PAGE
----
Question 4(p.2)

Outline the role of platelets in blood clotting following an injury to a blood vessel.

[Click here to toggle visibility of the answers]

College Answer

The main points expected in this answer were descriptions of platelet activation following exposure to collagen, platelet adhesion to the endothelium and ADP release and platelet aggregation secondary to activation of the GP11b/111a, COX-1 and other agents e.g. prostaglandin E2
Factors that interacted with platelet receptors e.g. platelet activating factor which increase aggregation and factors that inhibited platelet activation e.g. Prostaglandin I2 and nitric oxide gained marks.
Syllabus J2c
Reference: Power and Kam 1st edition p 247-249


Role of platelets in primary haemostasis

  • Platelets form the initial platelet plug in primary haemostasis, by:
  • Adhesion to the denuded surface collagen via VWF, as well as directly
    • Collagen, laminin and other basement membrane components can bind platelets directly
    • These molecules also activate platelets
  • Aggregation (platelet to platelet) mediated by fibrin and VWF
    • GPIIb/IIIa receptor protein mediates the linking of platelet to platelet by bridges of fibrinogen, fibrin and VWF
  • Activation, which means
    • Degranulation (release of vasoactive and platelet-activating mediators, including ADP, serotonin, Factor V, and various vasoactive eicosanoids including thromboxane A2 which activates yet more platelets)
    • Shape change (flattening and extension of cellular projections)
    • Phosphatidylserine exposure on the platelet surface, which is essential for clotting factor binding
  • Vasoconstriction is crucial to primary haemostasis, and this is mainly mediated by the products of platelet degranulation.

Role of platelets in secondary haemostasis

  • Activated platelets act as the surface for most of the events which need to take place for secondary haemostasis.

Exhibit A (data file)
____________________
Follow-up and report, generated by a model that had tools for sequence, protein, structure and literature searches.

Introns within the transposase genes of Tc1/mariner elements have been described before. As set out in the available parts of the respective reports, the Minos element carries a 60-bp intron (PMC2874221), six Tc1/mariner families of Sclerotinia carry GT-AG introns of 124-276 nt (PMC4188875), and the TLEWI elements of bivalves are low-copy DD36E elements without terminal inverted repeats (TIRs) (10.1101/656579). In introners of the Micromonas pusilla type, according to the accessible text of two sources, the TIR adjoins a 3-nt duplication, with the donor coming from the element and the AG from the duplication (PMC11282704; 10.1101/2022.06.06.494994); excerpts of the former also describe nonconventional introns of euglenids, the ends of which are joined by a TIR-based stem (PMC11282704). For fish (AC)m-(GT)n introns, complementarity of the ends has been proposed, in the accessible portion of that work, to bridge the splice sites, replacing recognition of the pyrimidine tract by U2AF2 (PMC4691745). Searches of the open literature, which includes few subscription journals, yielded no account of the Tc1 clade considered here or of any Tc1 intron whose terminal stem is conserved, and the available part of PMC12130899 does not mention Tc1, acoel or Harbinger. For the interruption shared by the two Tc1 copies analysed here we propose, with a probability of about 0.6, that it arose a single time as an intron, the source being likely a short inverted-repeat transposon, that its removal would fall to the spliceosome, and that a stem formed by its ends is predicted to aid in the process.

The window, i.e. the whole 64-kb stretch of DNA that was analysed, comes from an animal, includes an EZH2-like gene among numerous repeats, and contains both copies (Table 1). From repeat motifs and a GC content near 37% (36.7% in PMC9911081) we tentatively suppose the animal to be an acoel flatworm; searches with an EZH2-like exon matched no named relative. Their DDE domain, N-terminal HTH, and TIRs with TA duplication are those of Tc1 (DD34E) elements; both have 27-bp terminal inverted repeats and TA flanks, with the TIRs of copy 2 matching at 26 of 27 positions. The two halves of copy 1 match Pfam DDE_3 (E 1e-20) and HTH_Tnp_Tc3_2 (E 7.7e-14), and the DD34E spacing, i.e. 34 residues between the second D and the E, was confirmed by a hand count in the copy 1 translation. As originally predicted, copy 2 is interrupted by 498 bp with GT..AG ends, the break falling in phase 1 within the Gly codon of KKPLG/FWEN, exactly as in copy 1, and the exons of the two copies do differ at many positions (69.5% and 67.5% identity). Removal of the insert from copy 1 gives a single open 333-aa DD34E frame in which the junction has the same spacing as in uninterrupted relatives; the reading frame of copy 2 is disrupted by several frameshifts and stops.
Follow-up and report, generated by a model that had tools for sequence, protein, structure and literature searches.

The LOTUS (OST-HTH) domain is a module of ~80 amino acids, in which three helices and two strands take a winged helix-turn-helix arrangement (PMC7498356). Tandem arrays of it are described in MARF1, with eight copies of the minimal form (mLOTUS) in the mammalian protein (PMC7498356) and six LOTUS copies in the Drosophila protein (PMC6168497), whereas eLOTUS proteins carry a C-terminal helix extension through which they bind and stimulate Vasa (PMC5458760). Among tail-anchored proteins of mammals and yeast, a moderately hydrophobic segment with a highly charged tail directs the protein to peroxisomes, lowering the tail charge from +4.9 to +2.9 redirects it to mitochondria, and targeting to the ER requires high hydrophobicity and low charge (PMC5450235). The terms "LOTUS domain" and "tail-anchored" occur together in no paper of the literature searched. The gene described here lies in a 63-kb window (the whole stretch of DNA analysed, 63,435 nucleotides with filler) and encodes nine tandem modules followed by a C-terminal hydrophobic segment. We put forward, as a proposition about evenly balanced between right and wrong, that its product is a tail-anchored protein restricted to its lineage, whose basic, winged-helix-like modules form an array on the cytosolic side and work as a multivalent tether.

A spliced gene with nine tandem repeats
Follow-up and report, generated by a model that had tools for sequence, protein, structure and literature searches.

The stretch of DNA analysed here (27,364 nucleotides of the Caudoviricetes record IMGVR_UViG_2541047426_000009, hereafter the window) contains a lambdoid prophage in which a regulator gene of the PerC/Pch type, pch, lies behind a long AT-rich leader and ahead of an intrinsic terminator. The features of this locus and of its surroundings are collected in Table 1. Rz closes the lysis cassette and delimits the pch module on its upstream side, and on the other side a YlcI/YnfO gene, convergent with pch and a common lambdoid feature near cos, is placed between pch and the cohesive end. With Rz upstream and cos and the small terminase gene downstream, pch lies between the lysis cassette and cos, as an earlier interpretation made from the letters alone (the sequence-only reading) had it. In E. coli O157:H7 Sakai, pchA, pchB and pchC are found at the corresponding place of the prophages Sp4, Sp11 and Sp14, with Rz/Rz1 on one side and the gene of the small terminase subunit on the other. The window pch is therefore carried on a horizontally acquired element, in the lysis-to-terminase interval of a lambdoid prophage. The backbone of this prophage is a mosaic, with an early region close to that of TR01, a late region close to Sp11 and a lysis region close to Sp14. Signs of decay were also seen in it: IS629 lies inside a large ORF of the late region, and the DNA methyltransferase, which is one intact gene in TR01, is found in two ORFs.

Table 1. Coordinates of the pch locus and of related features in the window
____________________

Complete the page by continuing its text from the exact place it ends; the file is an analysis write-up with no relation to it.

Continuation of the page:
• The exposure of negatively charged phospholipid on the platelet surface is crucial to this
  • Amplification
    • Intrinsic pathway activation by the available thrombin and other platelet granule content leads to the increase in available clotting factors in the region of the platelet plug
    • The available thrombin activates factor XI and leads to the activation of FXI
    • Activate platelet surfaces act as sites of attachment for FVIIIa and FVa
  • Propagation
    • Platelet-bound Factors FVIIIa  FVa and FX activate thrombin
    • This leads to the formation of a large amount of thrombin (the "thrombin burst")
    • The large amount of thrombin made available allows the generation of a large amount of fibrin from fibrinogen
  • Contraction of platelets occurs in later stages of clot maturation


Jurk, Kerstin, and Beate E. Kehrel. "Platelets: physiology and biochemistry." Seminars in thrombosis and hemostasis. Vol. 31. No. 04. Copyright© 2005 by Thieme Medical Publishers, Inc., 333 Seventh Avenue, New York, NY 10001, USA., 2005.

Linden, Matthew D. "Platelet physiology." Haemostasis. Humana Press, Totowa, NJ, 2013. 13-30.

Gremmel, Thomas, Andrew L. Frelinger III, and Alan D. Michelson. "Platelet physiology." Seminars in thrombosis and hemostasis. Vol. 42. No. 03. Thieme Medical Publishers, 2016.

Kaushansky, Kenneth. "Thrombopoiesis." Seminars in hematology. Vol. 52. No. 1. WB Saunders, 2015.

Schulze, H., and R. A. Shivdasani. "Mechanisms of thrombopoiesis." Journal of thrombosis and haemostasis 3.8 (2005): 1717-1724.